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Biscayne National Park


Biscayne National Park, 95 percent of which lies underwater, is one of the top snorkeling, kayaking, and scuba diving areas in the United States. Divers and snorkelers flock to this idyllic stretch of sea to experience Biscayne Bay's extensive reef system. Above the water, you can explore the Florida park's small mainland mangrove shoreline and keys by boat.

Biscayne National Park, managed by the National Park Service, has a unique claim to fame: Most of its 181,500 acres (73,450 hectares) are underwater. That means much of it is only accessible by boat, and that it's highly recommended to experience it with snorkel or scuba gear. Beneath the surface, the park's underwater world explodes with multicolored life, from vibrant angelfish and parrotfish to swaying sea fans and labyrinths of living coral.

Reef cruises and glass-bottom boat tours typically depart from Convoy Point and pass through Caesar Creek to see the more than 50 shipwrecks within the park's boundaries. Mangrove Shore is a nice option for those on a tight schedule and no boat access—simply stroll around Convoy Point and enjoy a picnic. Of the park's 44 islands, only a few are open to visitors. Elliot Key has picnicking, camping, and hiking among mangrove forests; tiny Adams Key has picnicking; and Boca Chita Key has a lighthouse, picnicking, and camping.

  • The park has no entrance fee, and you do not need to book Biscayne National Park tickets to visit.

  • Boca Chita Key and Elliot Key are open year-round for boat-in camping on a first-come, first-served basis.

  • Most snorkel and scuba tours include the use of equipment, but you can bring your own if you like.

  • Nature lovers can combine a Biscayne National Park tour with visits to nearby John Pennekamp Coral Reef State Park and Everglades National Park.

The park is located in South Florida, at the northern edge of the Florida Keys. It is about 40 miles (64 kilometers) south of Miami International Airport via the Ronald Reagan Turnpike. For information, stop at the Dante Fascell Visitor Center, at the park's main entrance, which has maps, ranger programs, and a great film overview of the park.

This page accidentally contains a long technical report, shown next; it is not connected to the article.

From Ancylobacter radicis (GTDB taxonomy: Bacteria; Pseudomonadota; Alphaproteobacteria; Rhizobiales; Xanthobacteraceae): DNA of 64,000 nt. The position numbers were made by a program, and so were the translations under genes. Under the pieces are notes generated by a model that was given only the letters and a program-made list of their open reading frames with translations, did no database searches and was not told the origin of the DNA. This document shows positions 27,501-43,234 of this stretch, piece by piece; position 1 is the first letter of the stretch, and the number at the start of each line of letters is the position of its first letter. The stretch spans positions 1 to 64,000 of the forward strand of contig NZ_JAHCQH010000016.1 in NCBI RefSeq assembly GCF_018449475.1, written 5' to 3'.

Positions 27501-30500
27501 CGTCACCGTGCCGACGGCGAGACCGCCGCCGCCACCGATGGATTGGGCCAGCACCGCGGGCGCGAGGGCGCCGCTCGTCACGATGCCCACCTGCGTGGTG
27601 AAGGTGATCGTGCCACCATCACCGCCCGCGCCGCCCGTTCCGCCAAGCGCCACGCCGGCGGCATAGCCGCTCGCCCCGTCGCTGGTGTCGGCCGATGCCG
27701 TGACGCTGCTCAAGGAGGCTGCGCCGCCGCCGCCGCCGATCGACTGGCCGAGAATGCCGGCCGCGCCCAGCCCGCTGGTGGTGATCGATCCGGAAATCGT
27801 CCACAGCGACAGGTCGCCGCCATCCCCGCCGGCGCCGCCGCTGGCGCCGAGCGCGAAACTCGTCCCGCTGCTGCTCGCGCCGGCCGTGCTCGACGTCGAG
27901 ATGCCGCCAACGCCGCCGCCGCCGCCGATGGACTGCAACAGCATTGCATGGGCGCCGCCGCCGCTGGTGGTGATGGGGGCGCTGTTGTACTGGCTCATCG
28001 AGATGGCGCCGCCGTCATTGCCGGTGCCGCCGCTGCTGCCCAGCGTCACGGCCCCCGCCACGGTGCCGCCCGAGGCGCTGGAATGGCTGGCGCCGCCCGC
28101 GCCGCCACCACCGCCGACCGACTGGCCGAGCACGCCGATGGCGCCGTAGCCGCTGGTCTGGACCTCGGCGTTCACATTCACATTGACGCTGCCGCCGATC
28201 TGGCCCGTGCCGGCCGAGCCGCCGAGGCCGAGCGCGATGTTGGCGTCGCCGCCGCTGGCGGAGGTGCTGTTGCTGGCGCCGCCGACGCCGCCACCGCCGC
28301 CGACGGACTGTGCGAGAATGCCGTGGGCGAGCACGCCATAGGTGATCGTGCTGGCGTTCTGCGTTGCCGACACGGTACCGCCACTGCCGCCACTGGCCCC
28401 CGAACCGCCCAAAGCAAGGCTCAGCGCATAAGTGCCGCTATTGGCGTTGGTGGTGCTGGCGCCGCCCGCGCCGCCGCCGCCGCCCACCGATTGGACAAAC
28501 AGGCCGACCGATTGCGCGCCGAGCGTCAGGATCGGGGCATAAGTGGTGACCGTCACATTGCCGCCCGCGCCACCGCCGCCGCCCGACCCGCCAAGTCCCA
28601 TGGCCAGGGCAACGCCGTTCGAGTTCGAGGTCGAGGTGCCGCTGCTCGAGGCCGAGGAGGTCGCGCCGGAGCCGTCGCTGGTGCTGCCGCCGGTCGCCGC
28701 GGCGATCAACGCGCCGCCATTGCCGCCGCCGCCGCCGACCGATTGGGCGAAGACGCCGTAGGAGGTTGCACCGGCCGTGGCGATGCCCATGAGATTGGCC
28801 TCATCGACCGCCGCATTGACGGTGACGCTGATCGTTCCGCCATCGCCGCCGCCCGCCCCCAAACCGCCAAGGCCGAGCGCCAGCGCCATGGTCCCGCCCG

Key Biscayne is open year-round, and the water portion of the park is always open. The best time to visit the park's islands is during Florida's dry season, December to March. For the best visibility in its shallow water, summer is best—but be prepared for the occasional afternoon thunderstorm and hungry mosquitoes during this time.

Tourists who visit Biscayne National Park's coral reefs and aquamarine waters will come in contact with more than 325 types of fish, shrimp, crabs, spiny lobsters, and even sea turtles. On land and in the mangrove forests, look for the rare peregrine falcon and bald eagle. Barnacles, fish, and other sea creatures also bunch around the trees' half-submerged roots.

Yes, Biscayne National Park is worth visiting. This Florida park near Miami attracts visitors interested in marine life and outdoor, water-based activities like kayaking. Plan to explore Biscayne National Park through snorkeling, stand-up paddleboarding, kayaking, or boat tours. Vibrant coral reefs are also a main attraction here.

Most visitors spend a day exploring Biscayne National Park in Florida. During a half-day or full-day visit, discover the natural beauty of this park near Miami by boat tour, kayaking through the mangroves, or snorkeling among coral reefs. Outdoor enthusiasts could quickly fill two or three days exploring this scenic park.

Don’t miss an introductory tour to Biscayne National Park by boat. This type of tour introduces the park, its marine life, and its activities. Then, choose between kayaking through the mangroves, diving among shipwrecks, and hiking along peaceful trails in this Florida park.

Yes, you can visit Biscayne National Park without a boat, but only a tiny portion of it. Nearly 95% of this park is water, so a boat, kayak, or stand-up paddleboard is necessary to explore widely. Boat tours will offer access to the best snorkel destinations, too.

Yes, snorkeling at Biscayne National Park is worth it. This Florida park near Miami is home to many marine life, from fish to manatees and turtles. Snorkeling enthusiasts can choose between destinations from coral reefs to shipwrecks. Biscayne National Park is a peaceful, scenic place to snorkel.

Since 95% of Biscayne National Park is water, the best way to explore is by boat. A boat tour will cover ground quickly and offer a comprehensive introduction to this Florida park. Other ways to explore include kayaking through the mangroves, snorkeling around coral reefs, and renting a stand-up paddleboard.


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